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Still Life by Sarah Winman
Historical fiction

Still Life

by Sarah Winman

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Quick take

As the end of WWII nears, an art historian (and maybe spy) forges a rare and impactful friendship with a young soldier.

Good to know

  • Illustrated icon, Icon_400

    400+ pages

  • Illustrated icon, Icon_SlowRead

    Slow build

  • Illustrated icon, Icon_International


  • Illustrated icon, Icon_NoQuotationMarks

    No quotation marks


It’s 1944 and in the ruined wine cellar of a Tuscan villa, as the Allied troops advance and bombs fall around them, two strangers meet and share an extraordinary evening together.

Ulysses Temper is a young British solider and one-time globe-maker, Evelyn Skinner is a sexagenarian art historian and possible spy. She has come to Italy to salvage paintings from the ruins and relive her memories of the time she encountered EM Forster and had her heart stolen by an Italian maid in a particular Florentine room with a view.

These two unlikely people find kindred spirits in each other, and Evelyn’s talk of truth and beauty plants a seed in Ulysses mind that will shape the trajectory of his life—and of those who love him—for the next four decades.

Moving from the Tuscan Hills, to the smog of the East End and the piazzas of Florence, Still Life is a sweeping, mischievous, richly-peopled novel about beauty, love, family, and fate.

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Free sample

Get an early look from the first pages of Still Life.
Still Life

Man as the Measure of All Things


Somewhere in the Tuscan hills, two English spinsters, Evelyn Skinner and a Margaret someone, were eating a late lunch on the terrace of a modest albergo. It was the second of August. A beautiful summer’s day, if only you could forget there was a war on. One sat in shade, the other in light, due to the angle of the sun and the vine-?­strewn trellis overhead. They were served a reduced menu but celebrated the Allied advance with large glasses of Chianti. Overhead, a low-?­flying bomber cast them momentarily in shadow. They picked up their binoculars and studied the markings. Ours, they said, and waved.

This rabbit’s delicious, said Evelyn, and she caught the eye of the proprietor, who was smoking by the doorway. She said, Coniglio buonissimo, signore!

The signore put his cigarette in his mouth and raised his arm—part salute, part wave, one couldn’t be sure.

Do you think he’s a Fascist? said Margaret quietly.

No, I don’t think so, said Evelyn. Although Italians are quite indecisive politically. Always have been.

I heard they’re shooting them now, the Fascists.

Everyone’s shooting everyone, said Evelyn.

A shell screamed to their right and exploded on a distant hill, uprooting a cluster of small cypress trees.

One of theirs, said Margaret, and she held on to the table to protect her camera and wineglass from the shock waves.

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Why I love it

Still Life by Sarah Winman may span forty years, but each moment, character, location, meal, and glass of wine (or grappa) combine to deliver a richly crafted emotional tale that will stay with you long after you read the novel’s last words.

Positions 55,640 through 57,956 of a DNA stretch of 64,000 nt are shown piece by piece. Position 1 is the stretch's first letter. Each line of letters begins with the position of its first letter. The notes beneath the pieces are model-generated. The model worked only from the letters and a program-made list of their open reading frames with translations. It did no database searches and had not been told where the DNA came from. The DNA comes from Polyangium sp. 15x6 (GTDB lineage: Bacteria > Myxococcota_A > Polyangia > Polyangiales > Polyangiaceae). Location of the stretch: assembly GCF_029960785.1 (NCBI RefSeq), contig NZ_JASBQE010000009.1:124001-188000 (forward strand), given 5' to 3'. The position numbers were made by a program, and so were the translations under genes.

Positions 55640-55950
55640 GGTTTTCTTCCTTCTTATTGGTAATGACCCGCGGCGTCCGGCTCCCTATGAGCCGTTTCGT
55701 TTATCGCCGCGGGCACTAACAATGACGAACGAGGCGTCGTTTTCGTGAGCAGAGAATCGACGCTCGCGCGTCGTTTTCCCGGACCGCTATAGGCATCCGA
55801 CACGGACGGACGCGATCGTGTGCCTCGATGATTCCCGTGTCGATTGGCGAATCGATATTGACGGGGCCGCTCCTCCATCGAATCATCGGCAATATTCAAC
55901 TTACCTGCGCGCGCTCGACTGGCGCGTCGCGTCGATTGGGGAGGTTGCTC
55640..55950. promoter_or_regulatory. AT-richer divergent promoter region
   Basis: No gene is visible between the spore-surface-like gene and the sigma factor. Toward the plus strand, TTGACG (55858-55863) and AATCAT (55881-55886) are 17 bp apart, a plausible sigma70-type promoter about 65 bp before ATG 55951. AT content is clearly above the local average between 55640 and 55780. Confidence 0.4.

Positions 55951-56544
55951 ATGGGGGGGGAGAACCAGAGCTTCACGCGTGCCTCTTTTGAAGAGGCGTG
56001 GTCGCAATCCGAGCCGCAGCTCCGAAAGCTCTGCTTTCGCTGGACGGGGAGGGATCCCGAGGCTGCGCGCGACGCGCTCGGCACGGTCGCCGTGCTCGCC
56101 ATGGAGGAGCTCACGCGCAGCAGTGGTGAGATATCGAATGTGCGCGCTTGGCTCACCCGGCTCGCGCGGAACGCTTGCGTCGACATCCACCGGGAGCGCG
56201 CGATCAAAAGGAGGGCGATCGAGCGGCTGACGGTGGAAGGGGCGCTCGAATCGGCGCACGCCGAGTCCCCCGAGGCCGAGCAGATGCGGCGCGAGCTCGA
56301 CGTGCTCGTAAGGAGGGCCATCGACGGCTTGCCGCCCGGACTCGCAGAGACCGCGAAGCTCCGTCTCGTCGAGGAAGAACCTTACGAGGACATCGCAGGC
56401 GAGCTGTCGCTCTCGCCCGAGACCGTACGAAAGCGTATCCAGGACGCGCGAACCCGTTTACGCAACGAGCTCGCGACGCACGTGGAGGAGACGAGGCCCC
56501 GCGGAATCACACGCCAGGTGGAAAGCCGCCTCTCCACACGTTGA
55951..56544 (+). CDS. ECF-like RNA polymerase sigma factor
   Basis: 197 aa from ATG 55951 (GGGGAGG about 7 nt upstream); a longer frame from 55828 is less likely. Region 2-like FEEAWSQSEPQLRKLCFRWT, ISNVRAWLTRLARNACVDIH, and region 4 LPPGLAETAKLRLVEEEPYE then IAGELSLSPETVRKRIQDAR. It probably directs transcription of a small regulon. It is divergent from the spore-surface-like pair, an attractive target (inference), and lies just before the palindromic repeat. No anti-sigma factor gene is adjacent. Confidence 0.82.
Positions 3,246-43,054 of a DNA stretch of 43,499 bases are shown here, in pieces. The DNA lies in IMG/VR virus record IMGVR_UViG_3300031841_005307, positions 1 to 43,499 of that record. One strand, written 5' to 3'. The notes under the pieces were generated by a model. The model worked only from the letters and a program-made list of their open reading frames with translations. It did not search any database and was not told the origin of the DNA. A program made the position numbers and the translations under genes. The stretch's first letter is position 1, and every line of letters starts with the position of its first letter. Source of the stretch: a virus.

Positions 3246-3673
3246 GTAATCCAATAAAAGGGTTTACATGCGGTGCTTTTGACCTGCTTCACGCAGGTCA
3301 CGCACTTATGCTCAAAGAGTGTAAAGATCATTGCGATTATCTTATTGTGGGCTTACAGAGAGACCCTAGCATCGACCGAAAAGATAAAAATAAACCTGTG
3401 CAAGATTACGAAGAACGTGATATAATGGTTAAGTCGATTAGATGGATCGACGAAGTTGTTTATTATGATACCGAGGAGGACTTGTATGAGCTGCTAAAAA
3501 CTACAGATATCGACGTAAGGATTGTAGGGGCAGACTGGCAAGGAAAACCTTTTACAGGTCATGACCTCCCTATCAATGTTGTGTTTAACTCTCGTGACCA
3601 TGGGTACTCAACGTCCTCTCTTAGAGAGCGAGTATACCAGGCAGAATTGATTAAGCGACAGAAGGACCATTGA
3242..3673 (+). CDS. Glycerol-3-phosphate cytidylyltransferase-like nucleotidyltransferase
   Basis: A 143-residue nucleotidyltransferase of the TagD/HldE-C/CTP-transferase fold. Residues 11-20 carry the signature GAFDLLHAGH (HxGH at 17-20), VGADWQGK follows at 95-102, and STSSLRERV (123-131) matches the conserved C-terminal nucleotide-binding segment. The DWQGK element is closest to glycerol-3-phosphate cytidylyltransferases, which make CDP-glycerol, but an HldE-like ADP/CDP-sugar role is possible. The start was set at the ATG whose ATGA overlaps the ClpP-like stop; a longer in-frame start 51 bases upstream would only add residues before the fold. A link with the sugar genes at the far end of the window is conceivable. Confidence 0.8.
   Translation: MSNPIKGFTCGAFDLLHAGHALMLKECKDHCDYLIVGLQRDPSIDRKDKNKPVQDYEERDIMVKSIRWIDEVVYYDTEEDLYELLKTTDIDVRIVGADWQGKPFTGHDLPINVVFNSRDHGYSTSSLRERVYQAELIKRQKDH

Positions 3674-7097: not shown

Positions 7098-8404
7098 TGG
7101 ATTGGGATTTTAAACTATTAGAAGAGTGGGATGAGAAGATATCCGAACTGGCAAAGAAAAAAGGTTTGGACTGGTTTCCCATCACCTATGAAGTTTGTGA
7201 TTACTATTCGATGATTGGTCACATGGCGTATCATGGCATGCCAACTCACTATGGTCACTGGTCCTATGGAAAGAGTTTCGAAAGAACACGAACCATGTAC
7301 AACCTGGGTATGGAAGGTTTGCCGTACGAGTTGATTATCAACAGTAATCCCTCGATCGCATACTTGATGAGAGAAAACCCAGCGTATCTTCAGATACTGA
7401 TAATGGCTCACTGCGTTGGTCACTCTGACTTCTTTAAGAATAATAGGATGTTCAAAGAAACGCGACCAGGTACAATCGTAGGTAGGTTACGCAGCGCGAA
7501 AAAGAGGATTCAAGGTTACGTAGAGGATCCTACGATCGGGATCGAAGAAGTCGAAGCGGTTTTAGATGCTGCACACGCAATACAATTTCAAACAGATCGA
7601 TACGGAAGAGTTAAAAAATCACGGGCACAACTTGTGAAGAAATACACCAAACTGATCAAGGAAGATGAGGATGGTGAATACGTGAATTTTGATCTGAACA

It’s 1944 in the Tuscan hills of Italy, where we first meet Evelyn Skinner, 64, with whom I immediately fell in love. The art historian is funny, clever, irreverent, quirky, and sarcastic—and let’s not leave out, surprisingly level-headed. When a character jumps off the page like this you know you’re in for a ride. But early in the novel, Evelyn has a chance meeting with 24-year-old Ulysses Temper, a globe-maker and soldier, during a bombing raid. Two ships in the night, so to speak, have a long chat and then depart, going their separate ways, into their separate lives—but the encounter leaves a mark.

Over the next forty years, we meet unforgettable characters, fall in love with a pub, and discover great food and art. This novel is the kind of historical fiction I love to read—a thoroughly researched and informative story that explores eternal themes like friendship, love, and family. You will relish getting to know Winman’s lush characters and reading her masterful prose, descriptions, and dialogue. Still Life is a must-read.

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Member ratings (2,050)

  • Rheanna P.

    Springfield, MO

    This is such a great book. It’s a book about life and the things that make us who we are. There isn’t a mystery or anything like that. It’s the art of living and the everyday things that make us us.

  • Ashleigh M.

    Wilmington, DE

    This book is a beautiful love letter to the city of Florence, & one of my favorite BOTM books of all time. A classic which I’ll definitely be rereading down the line. I’d give it six stars if I could!

  • Kristin T.

    Murrysville, PA

    This book I truly loved. When I finished it, I wanted to go back to the beginning and read it again. This is a book my grandchildren will read as a classic. So well written, such vibrant characters.

  • Sarah G.

    Atlanta, GA

    Still Life was beautifully written, and surprised me by making me laugh out loud often. It’s a slow read, and the lack of quotation marks takes getting used to. But it is a book that will stay with me

  • Candy R.

    Idaho Falls , ID

    Loved the book. Absolutely loved it. The characters were beautiful. Each of them unique, quirky, and breathtakingly beautiful. I especially enjoyed Winman’s vivid descriptions of the Italian scenery.

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